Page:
Predictions of Fatigue Crack Growth and Fatigue Life for Riveted Lap Joints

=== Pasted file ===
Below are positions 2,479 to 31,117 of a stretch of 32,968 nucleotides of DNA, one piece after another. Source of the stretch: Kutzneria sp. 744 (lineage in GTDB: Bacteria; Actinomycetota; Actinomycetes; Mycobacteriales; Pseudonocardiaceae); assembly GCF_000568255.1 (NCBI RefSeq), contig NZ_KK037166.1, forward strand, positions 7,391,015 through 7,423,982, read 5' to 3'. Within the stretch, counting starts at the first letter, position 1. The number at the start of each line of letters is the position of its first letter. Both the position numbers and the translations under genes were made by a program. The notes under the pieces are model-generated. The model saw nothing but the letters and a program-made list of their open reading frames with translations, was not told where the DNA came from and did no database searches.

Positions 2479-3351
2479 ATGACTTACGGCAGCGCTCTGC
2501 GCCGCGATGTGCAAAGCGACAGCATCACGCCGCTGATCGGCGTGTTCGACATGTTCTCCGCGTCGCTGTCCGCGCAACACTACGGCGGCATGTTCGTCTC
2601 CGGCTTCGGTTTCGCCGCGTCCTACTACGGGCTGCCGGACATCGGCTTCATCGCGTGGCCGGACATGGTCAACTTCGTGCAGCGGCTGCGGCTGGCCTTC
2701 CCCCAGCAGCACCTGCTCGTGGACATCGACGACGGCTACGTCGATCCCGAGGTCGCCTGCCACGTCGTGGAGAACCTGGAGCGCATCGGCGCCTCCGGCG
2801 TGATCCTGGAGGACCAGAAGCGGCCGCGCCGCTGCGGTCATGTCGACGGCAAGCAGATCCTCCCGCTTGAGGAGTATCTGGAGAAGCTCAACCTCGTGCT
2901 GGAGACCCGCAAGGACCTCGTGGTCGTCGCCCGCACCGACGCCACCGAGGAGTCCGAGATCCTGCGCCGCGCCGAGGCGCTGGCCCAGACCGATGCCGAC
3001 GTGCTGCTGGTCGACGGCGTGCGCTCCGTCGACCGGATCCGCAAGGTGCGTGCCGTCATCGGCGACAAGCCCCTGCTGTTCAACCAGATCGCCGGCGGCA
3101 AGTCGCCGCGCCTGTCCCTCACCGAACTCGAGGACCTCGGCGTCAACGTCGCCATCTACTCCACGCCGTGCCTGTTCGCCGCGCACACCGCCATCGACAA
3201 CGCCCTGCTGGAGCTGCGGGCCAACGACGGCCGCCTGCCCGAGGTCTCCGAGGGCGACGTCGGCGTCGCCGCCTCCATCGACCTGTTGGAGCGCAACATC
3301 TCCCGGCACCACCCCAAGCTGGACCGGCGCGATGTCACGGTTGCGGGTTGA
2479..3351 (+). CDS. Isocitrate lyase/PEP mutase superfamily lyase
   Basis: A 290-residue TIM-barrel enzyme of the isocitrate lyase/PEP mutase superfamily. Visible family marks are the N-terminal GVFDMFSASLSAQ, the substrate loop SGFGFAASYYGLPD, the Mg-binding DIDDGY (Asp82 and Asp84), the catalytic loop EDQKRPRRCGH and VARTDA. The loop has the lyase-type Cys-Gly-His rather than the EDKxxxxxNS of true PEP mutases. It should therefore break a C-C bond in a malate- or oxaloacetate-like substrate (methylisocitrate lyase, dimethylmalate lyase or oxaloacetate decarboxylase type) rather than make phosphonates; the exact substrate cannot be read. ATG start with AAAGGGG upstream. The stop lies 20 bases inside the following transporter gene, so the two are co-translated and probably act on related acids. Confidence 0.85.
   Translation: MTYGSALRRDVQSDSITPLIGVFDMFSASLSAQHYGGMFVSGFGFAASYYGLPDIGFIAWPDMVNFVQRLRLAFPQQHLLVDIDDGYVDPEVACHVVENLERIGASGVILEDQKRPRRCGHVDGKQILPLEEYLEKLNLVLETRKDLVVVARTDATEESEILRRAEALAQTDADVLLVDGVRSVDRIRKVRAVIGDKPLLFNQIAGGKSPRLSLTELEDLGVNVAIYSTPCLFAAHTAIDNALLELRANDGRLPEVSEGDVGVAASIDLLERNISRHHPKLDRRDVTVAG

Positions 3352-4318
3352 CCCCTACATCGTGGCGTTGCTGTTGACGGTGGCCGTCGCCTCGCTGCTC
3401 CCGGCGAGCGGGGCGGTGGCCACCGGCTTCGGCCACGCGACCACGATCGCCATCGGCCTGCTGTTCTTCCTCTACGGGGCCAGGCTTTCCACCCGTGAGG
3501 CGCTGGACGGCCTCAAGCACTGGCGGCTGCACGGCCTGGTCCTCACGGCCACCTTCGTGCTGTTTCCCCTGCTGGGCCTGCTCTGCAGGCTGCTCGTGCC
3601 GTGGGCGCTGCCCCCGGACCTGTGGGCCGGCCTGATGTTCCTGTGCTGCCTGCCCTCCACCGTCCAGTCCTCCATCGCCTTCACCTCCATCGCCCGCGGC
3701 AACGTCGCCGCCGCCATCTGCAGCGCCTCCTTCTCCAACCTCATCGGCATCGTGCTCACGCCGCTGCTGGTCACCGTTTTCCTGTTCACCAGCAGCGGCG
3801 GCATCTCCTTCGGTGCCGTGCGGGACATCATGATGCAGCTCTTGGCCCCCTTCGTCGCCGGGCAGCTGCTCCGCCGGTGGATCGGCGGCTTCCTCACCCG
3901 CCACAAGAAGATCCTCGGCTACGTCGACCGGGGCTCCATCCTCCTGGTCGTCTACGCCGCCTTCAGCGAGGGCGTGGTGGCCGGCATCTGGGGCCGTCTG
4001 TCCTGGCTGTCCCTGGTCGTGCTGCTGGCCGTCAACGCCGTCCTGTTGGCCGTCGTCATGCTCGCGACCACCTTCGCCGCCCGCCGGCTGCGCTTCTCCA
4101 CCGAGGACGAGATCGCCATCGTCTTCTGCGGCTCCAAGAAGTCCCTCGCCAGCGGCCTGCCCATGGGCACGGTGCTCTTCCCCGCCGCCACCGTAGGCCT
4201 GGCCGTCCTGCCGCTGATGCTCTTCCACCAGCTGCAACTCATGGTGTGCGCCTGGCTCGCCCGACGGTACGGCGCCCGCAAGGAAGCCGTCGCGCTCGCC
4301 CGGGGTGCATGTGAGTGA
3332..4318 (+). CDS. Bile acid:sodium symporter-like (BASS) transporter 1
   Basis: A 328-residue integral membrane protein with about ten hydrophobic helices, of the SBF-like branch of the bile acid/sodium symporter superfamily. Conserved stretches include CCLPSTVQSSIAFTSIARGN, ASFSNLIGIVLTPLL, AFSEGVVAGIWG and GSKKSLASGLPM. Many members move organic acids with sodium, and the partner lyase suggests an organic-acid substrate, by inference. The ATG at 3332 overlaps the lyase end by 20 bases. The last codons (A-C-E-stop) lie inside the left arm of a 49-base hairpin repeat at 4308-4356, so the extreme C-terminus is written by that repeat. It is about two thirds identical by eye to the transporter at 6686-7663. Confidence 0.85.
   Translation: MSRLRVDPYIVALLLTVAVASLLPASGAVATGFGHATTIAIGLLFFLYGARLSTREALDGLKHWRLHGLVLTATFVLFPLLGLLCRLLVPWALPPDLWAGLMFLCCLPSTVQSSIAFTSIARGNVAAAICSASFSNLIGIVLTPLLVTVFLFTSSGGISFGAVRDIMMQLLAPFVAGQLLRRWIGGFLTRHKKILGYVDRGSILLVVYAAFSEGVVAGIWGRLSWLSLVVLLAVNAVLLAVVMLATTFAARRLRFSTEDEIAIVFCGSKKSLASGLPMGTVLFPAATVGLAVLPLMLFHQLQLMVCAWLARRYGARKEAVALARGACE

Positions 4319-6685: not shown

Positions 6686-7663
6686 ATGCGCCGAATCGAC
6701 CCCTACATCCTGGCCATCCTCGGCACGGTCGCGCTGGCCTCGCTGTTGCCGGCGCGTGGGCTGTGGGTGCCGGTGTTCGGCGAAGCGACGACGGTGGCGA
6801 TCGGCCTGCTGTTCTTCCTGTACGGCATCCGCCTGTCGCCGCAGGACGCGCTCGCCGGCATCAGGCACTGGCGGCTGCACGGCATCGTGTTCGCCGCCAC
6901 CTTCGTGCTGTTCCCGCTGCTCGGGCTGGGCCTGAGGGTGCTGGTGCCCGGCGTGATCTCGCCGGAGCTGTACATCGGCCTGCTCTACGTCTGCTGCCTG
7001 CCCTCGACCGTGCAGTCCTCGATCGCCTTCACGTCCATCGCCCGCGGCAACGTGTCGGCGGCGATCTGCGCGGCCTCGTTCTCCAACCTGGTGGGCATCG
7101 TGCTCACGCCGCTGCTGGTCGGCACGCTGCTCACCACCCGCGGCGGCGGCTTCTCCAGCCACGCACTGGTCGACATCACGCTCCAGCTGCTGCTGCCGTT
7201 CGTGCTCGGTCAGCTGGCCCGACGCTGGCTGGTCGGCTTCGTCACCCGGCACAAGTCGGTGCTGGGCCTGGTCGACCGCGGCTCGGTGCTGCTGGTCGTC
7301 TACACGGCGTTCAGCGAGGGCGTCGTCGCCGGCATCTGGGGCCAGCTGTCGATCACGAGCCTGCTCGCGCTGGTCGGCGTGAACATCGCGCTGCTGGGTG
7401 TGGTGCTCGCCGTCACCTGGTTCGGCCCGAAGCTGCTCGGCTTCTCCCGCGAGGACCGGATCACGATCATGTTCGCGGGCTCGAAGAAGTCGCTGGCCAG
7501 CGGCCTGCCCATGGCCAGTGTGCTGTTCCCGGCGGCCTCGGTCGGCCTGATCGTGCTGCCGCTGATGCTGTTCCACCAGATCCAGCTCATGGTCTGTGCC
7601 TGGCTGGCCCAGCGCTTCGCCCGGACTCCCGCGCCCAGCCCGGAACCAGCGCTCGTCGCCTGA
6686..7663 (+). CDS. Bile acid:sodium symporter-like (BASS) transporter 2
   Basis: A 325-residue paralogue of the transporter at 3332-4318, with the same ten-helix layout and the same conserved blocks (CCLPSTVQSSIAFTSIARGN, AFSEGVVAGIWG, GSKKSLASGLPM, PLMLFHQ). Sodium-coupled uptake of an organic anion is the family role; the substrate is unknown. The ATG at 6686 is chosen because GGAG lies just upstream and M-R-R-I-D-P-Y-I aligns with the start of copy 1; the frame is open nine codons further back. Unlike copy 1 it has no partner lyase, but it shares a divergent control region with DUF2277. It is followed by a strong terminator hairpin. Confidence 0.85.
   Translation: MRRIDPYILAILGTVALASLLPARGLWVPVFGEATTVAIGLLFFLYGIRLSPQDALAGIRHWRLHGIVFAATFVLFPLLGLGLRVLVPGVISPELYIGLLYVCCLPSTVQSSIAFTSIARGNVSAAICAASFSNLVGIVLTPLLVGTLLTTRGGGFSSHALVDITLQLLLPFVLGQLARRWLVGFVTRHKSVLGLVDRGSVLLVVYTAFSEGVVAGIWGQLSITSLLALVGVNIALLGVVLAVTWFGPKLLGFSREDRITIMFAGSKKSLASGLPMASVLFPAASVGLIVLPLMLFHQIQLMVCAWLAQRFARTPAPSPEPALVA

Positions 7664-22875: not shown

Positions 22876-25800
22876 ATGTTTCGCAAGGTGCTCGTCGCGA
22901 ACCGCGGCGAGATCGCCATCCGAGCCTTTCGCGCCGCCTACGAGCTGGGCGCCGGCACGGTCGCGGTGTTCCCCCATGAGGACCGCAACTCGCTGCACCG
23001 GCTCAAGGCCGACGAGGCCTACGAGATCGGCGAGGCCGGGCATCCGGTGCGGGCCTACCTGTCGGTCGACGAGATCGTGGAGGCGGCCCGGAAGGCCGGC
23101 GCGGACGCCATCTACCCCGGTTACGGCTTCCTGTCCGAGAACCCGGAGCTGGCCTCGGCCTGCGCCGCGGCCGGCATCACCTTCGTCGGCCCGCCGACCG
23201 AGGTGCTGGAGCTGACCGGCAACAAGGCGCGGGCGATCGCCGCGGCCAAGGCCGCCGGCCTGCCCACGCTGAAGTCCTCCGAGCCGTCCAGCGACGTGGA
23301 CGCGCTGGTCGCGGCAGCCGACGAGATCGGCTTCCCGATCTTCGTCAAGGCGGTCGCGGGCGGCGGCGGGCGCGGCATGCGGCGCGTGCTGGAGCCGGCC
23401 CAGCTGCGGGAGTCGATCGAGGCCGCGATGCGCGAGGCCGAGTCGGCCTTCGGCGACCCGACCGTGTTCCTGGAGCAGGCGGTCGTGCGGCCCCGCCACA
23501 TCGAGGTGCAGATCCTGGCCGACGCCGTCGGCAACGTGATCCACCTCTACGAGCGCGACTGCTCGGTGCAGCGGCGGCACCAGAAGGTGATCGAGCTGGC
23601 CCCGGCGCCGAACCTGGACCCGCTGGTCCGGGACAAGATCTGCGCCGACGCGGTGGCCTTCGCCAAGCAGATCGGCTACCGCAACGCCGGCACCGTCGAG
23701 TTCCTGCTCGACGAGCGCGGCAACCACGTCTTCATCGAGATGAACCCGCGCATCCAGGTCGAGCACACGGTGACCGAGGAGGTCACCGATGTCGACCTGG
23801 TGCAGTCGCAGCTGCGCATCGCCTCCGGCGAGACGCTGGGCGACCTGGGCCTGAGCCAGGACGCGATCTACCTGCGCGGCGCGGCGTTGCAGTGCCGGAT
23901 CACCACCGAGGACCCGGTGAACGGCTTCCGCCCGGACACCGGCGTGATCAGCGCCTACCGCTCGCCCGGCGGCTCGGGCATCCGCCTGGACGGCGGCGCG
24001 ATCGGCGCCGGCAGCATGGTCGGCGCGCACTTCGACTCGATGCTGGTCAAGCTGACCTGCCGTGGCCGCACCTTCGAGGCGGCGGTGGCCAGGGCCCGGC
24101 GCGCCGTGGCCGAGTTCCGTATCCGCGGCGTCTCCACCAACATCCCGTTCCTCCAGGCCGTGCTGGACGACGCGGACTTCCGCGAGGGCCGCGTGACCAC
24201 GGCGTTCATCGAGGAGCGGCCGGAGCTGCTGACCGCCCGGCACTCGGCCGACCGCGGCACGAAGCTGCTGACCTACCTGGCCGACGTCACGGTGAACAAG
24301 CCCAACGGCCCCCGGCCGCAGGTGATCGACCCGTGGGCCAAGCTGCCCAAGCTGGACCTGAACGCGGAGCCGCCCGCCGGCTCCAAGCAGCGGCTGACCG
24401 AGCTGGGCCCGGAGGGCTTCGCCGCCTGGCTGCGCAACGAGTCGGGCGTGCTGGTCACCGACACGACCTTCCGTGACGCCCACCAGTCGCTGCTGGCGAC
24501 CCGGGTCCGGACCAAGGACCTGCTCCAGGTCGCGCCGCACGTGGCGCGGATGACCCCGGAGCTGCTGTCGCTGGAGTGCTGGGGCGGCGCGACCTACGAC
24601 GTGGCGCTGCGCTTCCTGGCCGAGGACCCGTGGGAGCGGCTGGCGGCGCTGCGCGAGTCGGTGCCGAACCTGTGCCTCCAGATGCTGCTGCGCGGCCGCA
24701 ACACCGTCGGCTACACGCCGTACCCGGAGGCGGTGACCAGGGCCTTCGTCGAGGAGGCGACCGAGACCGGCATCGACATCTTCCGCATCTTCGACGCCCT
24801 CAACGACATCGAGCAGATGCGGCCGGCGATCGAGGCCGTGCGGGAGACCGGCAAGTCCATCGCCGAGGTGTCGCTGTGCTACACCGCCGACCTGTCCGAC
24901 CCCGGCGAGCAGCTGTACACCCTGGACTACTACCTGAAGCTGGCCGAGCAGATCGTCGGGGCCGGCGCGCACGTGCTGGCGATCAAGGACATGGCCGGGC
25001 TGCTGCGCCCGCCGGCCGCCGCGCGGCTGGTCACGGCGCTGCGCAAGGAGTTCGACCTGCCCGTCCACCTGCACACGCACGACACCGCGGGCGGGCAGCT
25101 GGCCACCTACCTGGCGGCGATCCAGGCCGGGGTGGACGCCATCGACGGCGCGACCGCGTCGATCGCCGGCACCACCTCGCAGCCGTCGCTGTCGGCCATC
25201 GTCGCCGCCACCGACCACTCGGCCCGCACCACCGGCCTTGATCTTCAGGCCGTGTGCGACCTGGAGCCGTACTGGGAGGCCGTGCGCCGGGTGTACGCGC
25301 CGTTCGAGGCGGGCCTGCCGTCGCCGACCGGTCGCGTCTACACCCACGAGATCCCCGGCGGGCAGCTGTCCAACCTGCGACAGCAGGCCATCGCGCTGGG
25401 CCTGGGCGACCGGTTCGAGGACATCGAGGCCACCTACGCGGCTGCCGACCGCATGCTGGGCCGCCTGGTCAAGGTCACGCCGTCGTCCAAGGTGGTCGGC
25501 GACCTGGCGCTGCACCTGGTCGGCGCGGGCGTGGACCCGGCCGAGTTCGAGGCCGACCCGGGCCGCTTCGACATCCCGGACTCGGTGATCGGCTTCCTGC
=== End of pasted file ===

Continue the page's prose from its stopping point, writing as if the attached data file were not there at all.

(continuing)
Fatigue is a process in which a crack initiates at a particular location and grows slowly and progressively under service loading to a size at which the residual strength of a structure is insufficient to sustain the prevailing loads, and rapid failure occurs. Aircraft manufacturers were the first industrial branch to place reliance on damage tolerance designs. It was assumed that initial imperfections and flaws inherent in the material or introduced during manufacturing pre-exist in the structure and can become sources of cracking. Consequently, in recent years the main focus of the research related to fatigue of aircraft fuselage lap joints has been on modelling the crack growth stage rather than the crack initiation stage. Most crack growth prediction models are based on linear elastic fracture mechanics (LEFM) concepts and correlate crack growth using the stress intensity factor (SIF). It is well known that due to the anomalous behaviour of small cracks such predictions can be unreliable and lead to unconservative results in the early stage of crack growth from the initial defect. A concept of the equivalent initial flaw size (EIFS) developed by Rudd and Gray (1976, 1978) and Manning and Yang (1986) was conceived to cope with the lack of analytical means to deal with the crack initiation phase and small crack growth. The EIFS approach enables one to model the entire crack growth process using the LEFM methodology.